The researchers then investigated intermediate forms of the virus, with one or the other mutation, to see if the change could occur gradually. They found that intermediate versions of the virus could not infect human cells, so would die out before they could be transmitted. The researchers say this means the two genetic mutations would need to occur simultaneously.

Lucy Goodchild | EurekAlert!
Further information:

More articles from Health and Medicine:

nachricht Indian roadside refuse fires produce toxic rainbow
26.10.2016 | Duke University

nachricht Inflammation Triggers Unsustainable Immune Response to Chronic Viral Infection
24.10.2016 | Universität Basel

All articles from Health and Medicine >>>

The most recent press releases about innovation >>>

Die letzten 5 Focus-News des innovations-reports im Überblick:

Im Focus: Etching Microstructures with Lasers

Ultrafast lasers have introduced new possibilities in engraving ultrafine structures, and scientists are now also investigating how to use them to etch microstructures into thin glass. There are possible applications in analytics (lab on a chip) and especially in electronics and the consumer sector, where great interest has been shown.

This new method was born of a surprising phenomenon: irradiating glass in a particular way with an ultrafast laser has the effect of making the glass up to a...

Im Focus: Light-driven atomic rotations excite magnetic waves

Terahertz excitation of selected crystal vibrations leads to an effective magnetic field that drives coherent spin motion

Controlling functional properties by light is one of the grand goals in modern condensed matter physics and materials science. A new study now demonstrates how...

Im Focus: New 3-D wiring technique brings scalable quantum computers closer to reality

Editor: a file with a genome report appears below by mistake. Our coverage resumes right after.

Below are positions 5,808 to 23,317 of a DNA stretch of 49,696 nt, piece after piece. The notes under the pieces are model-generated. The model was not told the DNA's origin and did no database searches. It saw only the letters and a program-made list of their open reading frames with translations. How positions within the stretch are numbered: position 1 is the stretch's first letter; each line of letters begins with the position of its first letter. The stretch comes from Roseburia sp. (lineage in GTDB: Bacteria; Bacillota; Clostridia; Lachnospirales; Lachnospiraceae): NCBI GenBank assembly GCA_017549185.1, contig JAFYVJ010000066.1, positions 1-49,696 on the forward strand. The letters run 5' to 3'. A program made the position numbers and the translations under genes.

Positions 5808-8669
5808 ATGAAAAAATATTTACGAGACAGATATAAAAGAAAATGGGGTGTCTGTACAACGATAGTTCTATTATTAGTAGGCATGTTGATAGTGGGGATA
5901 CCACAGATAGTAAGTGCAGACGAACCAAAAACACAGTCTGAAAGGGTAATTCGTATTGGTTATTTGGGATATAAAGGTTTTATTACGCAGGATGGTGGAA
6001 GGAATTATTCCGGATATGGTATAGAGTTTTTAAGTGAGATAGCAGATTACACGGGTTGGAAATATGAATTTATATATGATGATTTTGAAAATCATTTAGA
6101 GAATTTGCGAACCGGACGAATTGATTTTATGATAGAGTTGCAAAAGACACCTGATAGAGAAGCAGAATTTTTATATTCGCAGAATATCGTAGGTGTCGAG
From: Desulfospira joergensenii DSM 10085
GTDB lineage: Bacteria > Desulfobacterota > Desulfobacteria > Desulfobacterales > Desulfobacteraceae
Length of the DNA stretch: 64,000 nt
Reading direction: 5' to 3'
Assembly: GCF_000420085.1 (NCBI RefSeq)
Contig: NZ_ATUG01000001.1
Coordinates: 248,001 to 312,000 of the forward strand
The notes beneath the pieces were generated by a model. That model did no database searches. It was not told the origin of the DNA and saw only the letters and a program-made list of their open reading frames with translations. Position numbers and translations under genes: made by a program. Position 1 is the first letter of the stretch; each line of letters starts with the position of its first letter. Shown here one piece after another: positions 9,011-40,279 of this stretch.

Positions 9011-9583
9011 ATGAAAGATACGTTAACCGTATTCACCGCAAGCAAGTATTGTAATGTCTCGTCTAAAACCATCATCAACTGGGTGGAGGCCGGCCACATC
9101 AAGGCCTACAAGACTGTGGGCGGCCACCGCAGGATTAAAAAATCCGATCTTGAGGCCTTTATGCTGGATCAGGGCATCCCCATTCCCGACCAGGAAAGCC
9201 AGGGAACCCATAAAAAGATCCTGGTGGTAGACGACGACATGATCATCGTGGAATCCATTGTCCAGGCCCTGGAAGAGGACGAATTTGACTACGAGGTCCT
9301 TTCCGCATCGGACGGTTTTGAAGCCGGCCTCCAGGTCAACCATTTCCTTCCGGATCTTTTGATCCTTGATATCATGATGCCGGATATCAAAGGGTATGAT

Researchers from the Institute for Quantum Computing (IQC) at the University of Waterloo led the development of a new extensible wiring technique capable of controlling superconducting quantum bits, representing a significant step towards to the realization of a scalable quantum computer.

"The quantum socket is a wiring method that uses three-dimensional wires based on spring-loaded pins to address individual qubits," said Jeremy Béjanin, a PhD...

Im Focus: Scientists develop a semiconductor nanocomposite material that moves in response to light

In a paper in Scientific Reports, a research team at Worcester Polytechnic Institute describes a novel light-activated phenomenon that could become the basis for applications as diverse as microscopic robotic grippers and more efficient solar cells.

A research team at Worcester Polytechnic Institute (WPI) has developed a revolutionary, light-activated semiconductor nanocomposite material that can be used...

Im Focus: Diamonds aren't forever: Sandia, Harvard team create first quantum computer bridge

By forcefully embedding two silicon atoms in a diamond matrix, Sandia researchers have demonstrated for the first time on a single chip all the components needed to create a quantum bridge to link quantum computers together.

"People have already built small quantum computers," says Sandia researcher Ryan Camacho. "Maybe the first useful one won't be a single giant quantum computer...

All Focus news of the innovation-report >>>



Event News

#IC2S2: When Social Science meets Computer Science - GESIS will host the IC2S2 conference 2017

14.10.2016 | Event News

Agricultural Trade Developments and Potentials in Central Asia and the South Caucasus

14.10.2016 | Event News

World Health Summit – Day Three: A Call to Action

12.10.2016 | Event News

Latest News

3-D-printed structures shrink when heated

26.10.2016 | Materials Sciences

Indian roadside refuse fires produce toxic rainbow

26.10.2016 | Health and Medicine

First results of NSTX-U research operations

26.10.2016 | Physics and Astronomy

More VideoLinks >>>